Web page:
Is there a way to loop an Observable and use the previous iteration to influence the next? Code Answer

I’m brand spakin’ new to rxjs, and would like to use it to build a video downloader. The intention is to run it 24/7 and automatically record an occasional livestream for later watching. Here is what I have so far.

import { BehaviorSubject, from, defer, of } from "rxjs";
import { delay, mergeMap, repeat, tap } from "rxjs/operators";

const downloader = url => {
  const defaultDelay = 1000;
  const maxDelay = 10000;
  const delayTime = new BehaviorSubject(defaultDelay);

  /*
   * Simulated download output.
   * 
   * @return {String|Number} potentialOutput 
   *         A {Number} 1 means "FAILURE, stream is offline."
   *         A {String} means "SUCCESS, video was downloaded."
   *         1 is the most likely value returned
   * 
   * greets https://stackoverflow.com/a/8877271/1004931
   */
  function randomWithProbability() {
    var potentialOutput = [1, 1, 1, 1, 1, "/tmp/video.mp4"];
    var idx = Math.floor(Math.random() * potentialOutput.length);
    return potentialOutput[idx];
  }

  /**
   * Simulated download. Returns a promise which resolves after 1 second.
   */
  const download = url => {
    let downloadP = new Promise((resolve, reject) => {
      setTimeout(() => {
        resolve(randomWithProbability());
      }, 1000);
    });
    return from(downloadP);
  };

  /**
   * Conditionally adjust the delay inbetween download attempts.
   *   - If the video downloaded successfuly, reset the timer to it's default.
   *     (in case the stream went down by error, we want to record again ASAP.)
   *   - If the video stream was offline, increase the delay until our next download attempt.
   *     (we don't want to be rude and flood the server)
   */
  const adjustTimer = (ytdlOutput) => {
    if (typeof ytdlOutput === 'string') {
      delayTime.next(defaultDelay); // video stream exited successfully, so reset in case the stream starts again
    } else {
      let adjustedTime = (delayTime.getValue() * 2 > maxDelay) ? maxDelay : delayTime.getValue() * 2;
      delayTime.next(adjustedTime); // video stream exited abnormally, likely due to being offline. wait longer until next attempt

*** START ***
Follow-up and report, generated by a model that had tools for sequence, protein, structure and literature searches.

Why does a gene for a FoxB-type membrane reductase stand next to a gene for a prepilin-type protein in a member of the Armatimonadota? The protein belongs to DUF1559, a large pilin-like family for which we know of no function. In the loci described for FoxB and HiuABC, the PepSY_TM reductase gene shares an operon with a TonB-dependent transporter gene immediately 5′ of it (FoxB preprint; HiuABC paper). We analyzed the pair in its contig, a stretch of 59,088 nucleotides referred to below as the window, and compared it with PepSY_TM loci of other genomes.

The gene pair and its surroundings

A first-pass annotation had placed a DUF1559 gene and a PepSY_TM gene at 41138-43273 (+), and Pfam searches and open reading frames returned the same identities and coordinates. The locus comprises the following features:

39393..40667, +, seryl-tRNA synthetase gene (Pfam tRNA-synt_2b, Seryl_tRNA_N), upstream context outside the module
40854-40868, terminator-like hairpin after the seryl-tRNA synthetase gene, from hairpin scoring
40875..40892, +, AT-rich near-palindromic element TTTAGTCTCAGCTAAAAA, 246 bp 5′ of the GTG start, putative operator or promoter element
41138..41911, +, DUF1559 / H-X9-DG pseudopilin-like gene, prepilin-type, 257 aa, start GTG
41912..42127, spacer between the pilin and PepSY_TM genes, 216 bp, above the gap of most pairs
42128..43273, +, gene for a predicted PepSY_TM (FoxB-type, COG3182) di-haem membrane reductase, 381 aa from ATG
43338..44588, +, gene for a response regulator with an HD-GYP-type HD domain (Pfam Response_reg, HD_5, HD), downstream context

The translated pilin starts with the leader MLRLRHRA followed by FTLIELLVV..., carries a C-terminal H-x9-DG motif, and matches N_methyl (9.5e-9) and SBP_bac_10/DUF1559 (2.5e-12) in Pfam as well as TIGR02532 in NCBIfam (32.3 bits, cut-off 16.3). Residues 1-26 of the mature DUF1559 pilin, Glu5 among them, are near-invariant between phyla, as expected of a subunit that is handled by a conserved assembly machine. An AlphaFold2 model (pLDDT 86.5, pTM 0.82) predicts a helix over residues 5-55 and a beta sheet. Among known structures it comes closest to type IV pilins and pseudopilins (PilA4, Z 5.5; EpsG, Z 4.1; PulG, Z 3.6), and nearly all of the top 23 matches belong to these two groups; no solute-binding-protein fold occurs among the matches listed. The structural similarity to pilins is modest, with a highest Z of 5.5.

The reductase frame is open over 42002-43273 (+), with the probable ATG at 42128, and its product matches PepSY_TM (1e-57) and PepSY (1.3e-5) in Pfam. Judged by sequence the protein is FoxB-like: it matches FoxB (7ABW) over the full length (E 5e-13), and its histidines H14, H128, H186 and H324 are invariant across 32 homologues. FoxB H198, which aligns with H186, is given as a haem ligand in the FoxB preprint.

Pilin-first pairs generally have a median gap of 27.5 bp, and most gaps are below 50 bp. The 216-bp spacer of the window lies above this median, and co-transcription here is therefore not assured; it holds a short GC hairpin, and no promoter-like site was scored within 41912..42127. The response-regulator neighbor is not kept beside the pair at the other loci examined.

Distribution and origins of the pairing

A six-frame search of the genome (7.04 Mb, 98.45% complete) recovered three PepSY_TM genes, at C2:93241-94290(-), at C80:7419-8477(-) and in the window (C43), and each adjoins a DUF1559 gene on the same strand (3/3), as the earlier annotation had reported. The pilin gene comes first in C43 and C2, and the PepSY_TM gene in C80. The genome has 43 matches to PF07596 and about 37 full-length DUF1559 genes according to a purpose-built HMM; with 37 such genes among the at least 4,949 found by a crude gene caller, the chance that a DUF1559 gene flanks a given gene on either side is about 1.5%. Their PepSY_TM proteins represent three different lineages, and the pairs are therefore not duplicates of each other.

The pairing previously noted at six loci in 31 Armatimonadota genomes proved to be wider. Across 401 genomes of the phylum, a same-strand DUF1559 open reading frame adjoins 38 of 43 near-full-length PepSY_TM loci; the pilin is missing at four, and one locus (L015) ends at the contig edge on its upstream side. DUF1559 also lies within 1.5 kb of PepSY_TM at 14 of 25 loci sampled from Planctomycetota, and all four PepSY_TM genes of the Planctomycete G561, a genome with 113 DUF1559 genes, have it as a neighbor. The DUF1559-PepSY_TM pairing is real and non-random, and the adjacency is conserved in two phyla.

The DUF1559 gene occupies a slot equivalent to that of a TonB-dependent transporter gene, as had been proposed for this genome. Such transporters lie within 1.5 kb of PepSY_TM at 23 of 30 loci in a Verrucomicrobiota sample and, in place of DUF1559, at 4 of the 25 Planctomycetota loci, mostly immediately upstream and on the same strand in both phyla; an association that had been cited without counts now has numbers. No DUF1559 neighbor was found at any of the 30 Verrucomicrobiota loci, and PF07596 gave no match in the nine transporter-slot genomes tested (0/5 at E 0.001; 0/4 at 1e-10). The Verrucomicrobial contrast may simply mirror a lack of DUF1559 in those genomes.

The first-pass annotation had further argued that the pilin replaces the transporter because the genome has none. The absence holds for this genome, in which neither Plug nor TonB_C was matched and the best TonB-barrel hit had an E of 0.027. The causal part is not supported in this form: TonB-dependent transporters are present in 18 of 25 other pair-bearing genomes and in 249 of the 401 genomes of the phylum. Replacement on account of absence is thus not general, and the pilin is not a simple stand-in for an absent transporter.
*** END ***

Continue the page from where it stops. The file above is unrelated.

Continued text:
}
  };

  /**
   * The Observable.
   *   1. Start with the URL of the video stream
   *   2. delay by the time defined in delayTime
   *   3. download, merging the download observable with the parent observable.
   *   4. adjust the delayTime based on download output.
   *   5. repeat the process indefinitely.
   */
  const stream = of(url)
    .pipe(
      delay(delayTime.getValue()),
      mergeMap(download),
      tap(res => {
        adjustTimer(res);
      }),
      repeat()
    )
    
  stream.subscribe(val => {
    console.log(
      `download result:${val}, delayTime:${delayTime.getValue()}`
    );
  });
};

downloader("https://example.com/files/video.mp4");

(Stackblitz)

The problem I’m having is that the {BehaviorSubject} delayTime is not getting updated on every iteration of my loop. delayTime is getting updated, as indicated by delayTime.getValue() being called in the subscriber’s callback, but the changes aren’t having an effect in the memory(?) of the observable/subscriber(?).

Instead, I’m seeing that delayTime in the scope(?) of the observable is staying the same, as it was when it was first subscribed to. In the observable’s world, there is no update to the BehaviorSubject’s value, as I want there to be.

And this is where I’m stuck. How can I refactor my code to have a delay timer which changes over time, and effects the delay until the next download attempt?

Answer

Ignore rxjs for a moment, and look at this code pretending you don’t know what any of these functions mean:

  const stream = of(url)
    .pipe(
      delay(delayTime.getValue()),
      mergeMap(download),
      tap(res => {
        adjustTimer(res);
      }),
      repeat()
    )

An anonymized, simple version would be

someFunc(delayTime.getValue())

The problem here is that delayTime.getValue() gets evaluated directly, not when someFunc runs. The same is true for your code above: the evaluation happens when the stream variable is created, not on every “iteration” (better word: emission).


The delay operator works only with a fixed delay. For your purpose you want to use delayWhen, which is evaluated for each emission:

delayWhen(() => timer(delayTime.getValue())

Notice, however, that we need to return a notifier observable rather than the desired delay in ms.


As a final note, accessing getValue is a red flag for not using observables correctly. That’s also why we don’t actually use the arguments provided to the callback in delayWhen. Your code could do with refactoring to make it properly reactive, but that is beyond the scope here.

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